I then crossed the street again to check out the anti-Chu gathering.

Anti-Chu protestors at Calgary City Hall (Image Source: Cory Morgan for Western Standard)

The sidewalk chalk was being liberally applied and an Albertan flag decorated with a Black Lives Matter symbol was on display. What BLM had to do with the Chu controversy, I can only guess.

As I walked among the gathering crowd in my Western Standard jacket, a number of people expressed their desire to see me go copulate myself (paraphrasing.) I found their expression to be gratifying. While they were not big fans of the Western Standard or myself, they clearly followed us closely. As the humble publication has reached its second anniversary, to have earned such recognition and vitriol from Calgary’s extreme left is quite an accomplishment. It usually takes much longer to earn such fear and loathing. As long as they keep reading, our advertisers are happy.

Not interested in self-fornication at this time, I wandered back to see how the pro-Chu event was coming along. Their speakers were wrapped up and they were preparing to parade in front of the anti-Chu demonstrators. I had been joined by the Western Standard’s James Finkbeiner and we rushed out to set up on the street to see how well the parade would be received.

As we set up our camera, we could hear Black Lives Matter activist Taylor McNallie ranting at the microphone about the evils of white people. We chuckled. I covered it when McNallie disrupted Dr. Joe Vipond’s pro-lockdown rallies last summer as she refused to mask up and delivered an obscenity-laced tirade to his gathered supporters. I could see the attendees in the anti-Chu crowd beginning to squirm uncomfortably as McNallie raged on and on about how all cops are bastards and white supremacists. It had nothing to do with the point of the rally, and I am certain Sean Chu would make a terrible white supremacist. No woke demonstrator is going to dare to interrupt a person of color as she speaks, however.

The appearance of the pro-Chu parade allowed elements of the crowd to break away from McNallie’s tirade. I am certain that some in the anti-Chu camp saw this distraction as a blessing. Police officers lined Macleod Tr. and kept the opposing protesters to each side of the street. Pro-Chu supporters marched and waved signs while the anti-Chu demonstrators screamed Chu was a child rapist while berating police officers as being pigs among other things. The patience shown by officers as they dealt with the barrage of hatred from the belligerent extremists in the anti-Chu crowd was impressive.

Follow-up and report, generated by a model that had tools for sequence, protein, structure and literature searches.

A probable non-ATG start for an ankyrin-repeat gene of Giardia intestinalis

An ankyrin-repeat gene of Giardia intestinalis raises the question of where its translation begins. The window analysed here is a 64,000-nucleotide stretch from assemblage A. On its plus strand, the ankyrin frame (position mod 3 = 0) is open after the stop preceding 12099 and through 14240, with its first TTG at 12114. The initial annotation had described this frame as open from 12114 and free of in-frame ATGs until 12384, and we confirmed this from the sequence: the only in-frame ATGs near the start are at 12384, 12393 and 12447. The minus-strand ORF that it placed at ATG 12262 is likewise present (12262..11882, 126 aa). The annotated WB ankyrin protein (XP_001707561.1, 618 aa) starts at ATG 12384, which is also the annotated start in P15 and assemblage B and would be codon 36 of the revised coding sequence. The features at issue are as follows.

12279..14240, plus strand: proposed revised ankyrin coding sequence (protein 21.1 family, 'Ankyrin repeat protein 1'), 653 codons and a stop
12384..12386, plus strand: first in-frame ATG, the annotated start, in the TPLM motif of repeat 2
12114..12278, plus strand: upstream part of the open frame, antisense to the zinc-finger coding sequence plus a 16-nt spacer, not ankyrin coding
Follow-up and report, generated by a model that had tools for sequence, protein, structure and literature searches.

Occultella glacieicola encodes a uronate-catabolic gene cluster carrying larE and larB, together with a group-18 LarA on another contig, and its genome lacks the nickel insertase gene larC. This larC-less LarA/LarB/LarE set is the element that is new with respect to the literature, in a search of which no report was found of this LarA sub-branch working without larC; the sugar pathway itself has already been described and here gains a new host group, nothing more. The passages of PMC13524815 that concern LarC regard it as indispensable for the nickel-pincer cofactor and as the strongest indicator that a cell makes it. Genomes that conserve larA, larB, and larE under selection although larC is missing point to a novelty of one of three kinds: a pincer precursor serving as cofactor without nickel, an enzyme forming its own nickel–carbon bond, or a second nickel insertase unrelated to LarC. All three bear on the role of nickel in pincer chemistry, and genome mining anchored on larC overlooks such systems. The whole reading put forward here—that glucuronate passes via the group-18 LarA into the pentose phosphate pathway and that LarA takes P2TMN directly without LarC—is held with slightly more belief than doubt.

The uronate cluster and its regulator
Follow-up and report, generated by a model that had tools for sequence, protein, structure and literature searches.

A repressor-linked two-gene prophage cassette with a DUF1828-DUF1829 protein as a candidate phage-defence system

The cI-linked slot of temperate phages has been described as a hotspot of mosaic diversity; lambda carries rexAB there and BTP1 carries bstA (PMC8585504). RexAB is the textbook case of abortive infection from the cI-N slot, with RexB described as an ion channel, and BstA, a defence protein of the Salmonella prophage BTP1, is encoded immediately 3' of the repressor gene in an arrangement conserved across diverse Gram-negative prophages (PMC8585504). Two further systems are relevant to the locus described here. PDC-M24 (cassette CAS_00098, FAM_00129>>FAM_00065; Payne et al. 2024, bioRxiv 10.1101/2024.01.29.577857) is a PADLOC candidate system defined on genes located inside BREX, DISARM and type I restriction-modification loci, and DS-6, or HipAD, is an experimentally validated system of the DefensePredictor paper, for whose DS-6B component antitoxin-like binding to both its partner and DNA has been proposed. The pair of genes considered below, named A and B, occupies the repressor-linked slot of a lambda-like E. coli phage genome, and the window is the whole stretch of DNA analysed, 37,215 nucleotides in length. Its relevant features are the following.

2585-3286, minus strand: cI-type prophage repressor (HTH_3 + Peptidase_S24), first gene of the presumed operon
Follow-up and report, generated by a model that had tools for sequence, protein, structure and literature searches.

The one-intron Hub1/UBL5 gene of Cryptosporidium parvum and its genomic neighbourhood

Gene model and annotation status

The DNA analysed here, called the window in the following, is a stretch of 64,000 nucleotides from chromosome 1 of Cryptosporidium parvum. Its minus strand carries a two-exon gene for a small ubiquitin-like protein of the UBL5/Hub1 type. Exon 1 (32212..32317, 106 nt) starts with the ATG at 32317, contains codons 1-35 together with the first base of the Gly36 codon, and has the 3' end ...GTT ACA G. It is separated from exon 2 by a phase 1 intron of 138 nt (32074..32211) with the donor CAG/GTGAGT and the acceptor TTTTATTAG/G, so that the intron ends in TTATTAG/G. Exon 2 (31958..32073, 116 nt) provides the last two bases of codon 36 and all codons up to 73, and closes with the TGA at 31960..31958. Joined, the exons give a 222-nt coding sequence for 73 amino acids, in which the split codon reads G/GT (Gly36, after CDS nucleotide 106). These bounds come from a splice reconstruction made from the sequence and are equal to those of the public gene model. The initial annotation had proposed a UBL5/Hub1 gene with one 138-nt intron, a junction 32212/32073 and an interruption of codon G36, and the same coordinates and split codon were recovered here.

Eventually, most of the attendees on both sides of the street tired of shouting and waving signs at each other. All of the pro-Chu demonstrators dispersed and the majority of the anti-Chu demonstrators left. The fun wasn’t quite over yet though. The next act of this circus was just about to begin.

Street preacher Art Pawlowski began setting up his weekly luncheon for the homeless next to Olympic Plaza. As his supporters set up a crucifix and a Jesus Saves banner along with food tables, the remaining anti-Chu protesters went wild. They resumed their screaming with most of it involving calling Pawlowski a white supremacist. Police again had to intervene as the lineup of homeless people (mostly non-white) began to get upset with the protesters. Whatever one may think of Pawlowski, he feeds a lot of vulnerable people downtown and they appreciate him for it. While the anti-Chu protesters may claim to hate the police, it was the Calgary police force that saved them from likely being terribly beaten by some of the more animated homeless people.